California passes school-start-time law

Many South students agree with California decision to not start before 8:30 a.m.


Sophie Porter

Senior Molly Hogan rushes to get to class on time, Dec. 18.

The state of California has recently signed a bill into legislation prohibiting high schools within the state to begin before 8:30 a.m. California is the first to sign and begin to implement a law of this stature. The law takes effect for the 2021-22 school year. 

The idea behind the creation of such a law is simple and one that students at Parkway South seem to agree with: according to medical professionals involved in research and studies at the National Sleep Foundation, teens require more sleep than societal demands, in particular school, demands.

Freshman Makiya Mahaney believes that later start times would increase productivity. 

“When I get to school in the morning, I’m usually half-asleep until second block. I’m able to understand what I’m learning most of the time, but not as well as I am in classes later in the day because I’m so tired,” Mahaney said.

Freshmen are not the only ones struggling to stay awake at 7:35 in the morning.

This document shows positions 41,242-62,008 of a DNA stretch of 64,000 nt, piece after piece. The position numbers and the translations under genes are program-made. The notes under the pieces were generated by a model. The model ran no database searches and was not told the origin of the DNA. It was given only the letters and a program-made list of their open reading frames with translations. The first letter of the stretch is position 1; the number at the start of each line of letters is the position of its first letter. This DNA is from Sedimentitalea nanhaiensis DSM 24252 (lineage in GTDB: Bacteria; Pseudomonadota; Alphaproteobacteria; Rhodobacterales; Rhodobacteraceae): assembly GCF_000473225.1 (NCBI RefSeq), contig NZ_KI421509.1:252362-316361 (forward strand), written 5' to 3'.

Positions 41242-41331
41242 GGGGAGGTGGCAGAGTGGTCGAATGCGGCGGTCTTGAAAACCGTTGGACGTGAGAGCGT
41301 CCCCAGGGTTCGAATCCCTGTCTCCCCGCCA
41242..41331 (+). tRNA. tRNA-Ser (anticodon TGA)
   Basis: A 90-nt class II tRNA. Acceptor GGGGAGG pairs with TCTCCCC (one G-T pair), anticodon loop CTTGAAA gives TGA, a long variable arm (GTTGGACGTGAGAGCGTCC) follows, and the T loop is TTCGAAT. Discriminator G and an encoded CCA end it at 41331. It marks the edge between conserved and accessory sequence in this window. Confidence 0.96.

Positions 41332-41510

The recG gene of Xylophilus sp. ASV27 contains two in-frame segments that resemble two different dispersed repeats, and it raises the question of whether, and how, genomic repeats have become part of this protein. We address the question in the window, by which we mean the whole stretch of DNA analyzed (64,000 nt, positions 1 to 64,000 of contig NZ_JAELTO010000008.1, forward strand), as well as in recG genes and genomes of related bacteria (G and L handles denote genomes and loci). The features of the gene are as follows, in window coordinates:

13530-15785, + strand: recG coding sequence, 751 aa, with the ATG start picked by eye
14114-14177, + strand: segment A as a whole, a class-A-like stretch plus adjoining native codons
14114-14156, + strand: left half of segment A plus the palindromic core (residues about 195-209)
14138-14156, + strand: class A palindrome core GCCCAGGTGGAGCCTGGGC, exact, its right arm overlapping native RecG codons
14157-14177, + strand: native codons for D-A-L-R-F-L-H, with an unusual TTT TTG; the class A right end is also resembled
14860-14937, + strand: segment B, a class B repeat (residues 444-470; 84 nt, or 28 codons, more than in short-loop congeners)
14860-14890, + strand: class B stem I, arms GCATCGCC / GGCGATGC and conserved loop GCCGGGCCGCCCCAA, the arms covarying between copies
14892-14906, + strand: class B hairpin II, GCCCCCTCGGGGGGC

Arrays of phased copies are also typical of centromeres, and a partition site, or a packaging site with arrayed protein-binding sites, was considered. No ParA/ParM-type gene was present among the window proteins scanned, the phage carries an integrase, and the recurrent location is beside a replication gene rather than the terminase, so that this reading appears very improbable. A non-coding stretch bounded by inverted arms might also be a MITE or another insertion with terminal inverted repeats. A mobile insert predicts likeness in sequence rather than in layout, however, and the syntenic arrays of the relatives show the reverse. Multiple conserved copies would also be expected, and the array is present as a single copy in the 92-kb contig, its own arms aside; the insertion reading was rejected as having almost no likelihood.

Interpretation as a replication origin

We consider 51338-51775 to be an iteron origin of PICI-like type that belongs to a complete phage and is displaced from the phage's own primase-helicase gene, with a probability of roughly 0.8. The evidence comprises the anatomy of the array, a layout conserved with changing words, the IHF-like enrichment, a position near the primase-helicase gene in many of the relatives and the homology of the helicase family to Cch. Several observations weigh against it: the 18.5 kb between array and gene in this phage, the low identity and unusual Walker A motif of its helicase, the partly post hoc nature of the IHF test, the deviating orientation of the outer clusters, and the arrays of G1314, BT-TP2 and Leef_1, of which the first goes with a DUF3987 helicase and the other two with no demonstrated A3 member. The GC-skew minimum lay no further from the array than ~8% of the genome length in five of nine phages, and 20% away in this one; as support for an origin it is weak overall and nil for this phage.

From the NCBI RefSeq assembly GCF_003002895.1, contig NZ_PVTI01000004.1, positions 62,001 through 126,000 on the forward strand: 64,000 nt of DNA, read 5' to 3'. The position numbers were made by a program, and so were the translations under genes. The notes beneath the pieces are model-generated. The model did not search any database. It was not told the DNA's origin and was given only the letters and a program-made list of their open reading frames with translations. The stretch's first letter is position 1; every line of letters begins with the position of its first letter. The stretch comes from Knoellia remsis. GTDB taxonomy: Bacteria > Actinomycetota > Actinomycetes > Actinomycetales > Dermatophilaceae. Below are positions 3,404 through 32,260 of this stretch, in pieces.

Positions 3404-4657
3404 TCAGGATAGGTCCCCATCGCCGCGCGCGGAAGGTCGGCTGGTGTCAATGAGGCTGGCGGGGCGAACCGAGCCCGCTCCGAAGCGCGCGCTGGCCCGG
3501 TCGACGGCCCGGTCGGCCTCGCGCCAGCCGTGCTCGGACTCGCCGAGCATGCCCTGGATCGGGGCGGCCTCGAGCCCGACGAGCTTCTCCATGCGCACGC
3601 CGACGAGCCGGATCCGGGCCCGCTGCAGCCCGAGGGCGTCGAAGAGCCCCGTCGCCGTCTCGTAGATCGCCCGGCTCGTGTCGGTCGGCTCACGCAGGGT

Sophomore Joey Diamante also struggles to stay awake.

“It’s hard for me to stay awake at the beginning of the day, but as the day goes on I get more and more awake and have a less difficult time paying attention,” he said.

 South has experienced a high number of tardies and absences in first and second block this year. Assistant Principal Darryl Diggs sent out an email to staff in October that stated that 312 students missed the entire first and/or second block the first month of school. 

“I would definitely have an easier time getting to school on time and waking up if school started at 8:30 instead of 7:30. I mean I’m not saying I wouldn’t still be late sometimes, but I think it would make a difference 100 percent,” senior Griffin Stuesse said.

However, senior Eli Veltrop disagrees.

“I like that school starts early, because then we get out earlier, but I do think that if school started a little bit later that more people would be on time and more alert in class,” Veltrop said.

Senior Carter Morgan points out that for some it wouldn’t make a difference.

“I think some people would be more on time, probably not me, but some people definitely would be,” Morgan said.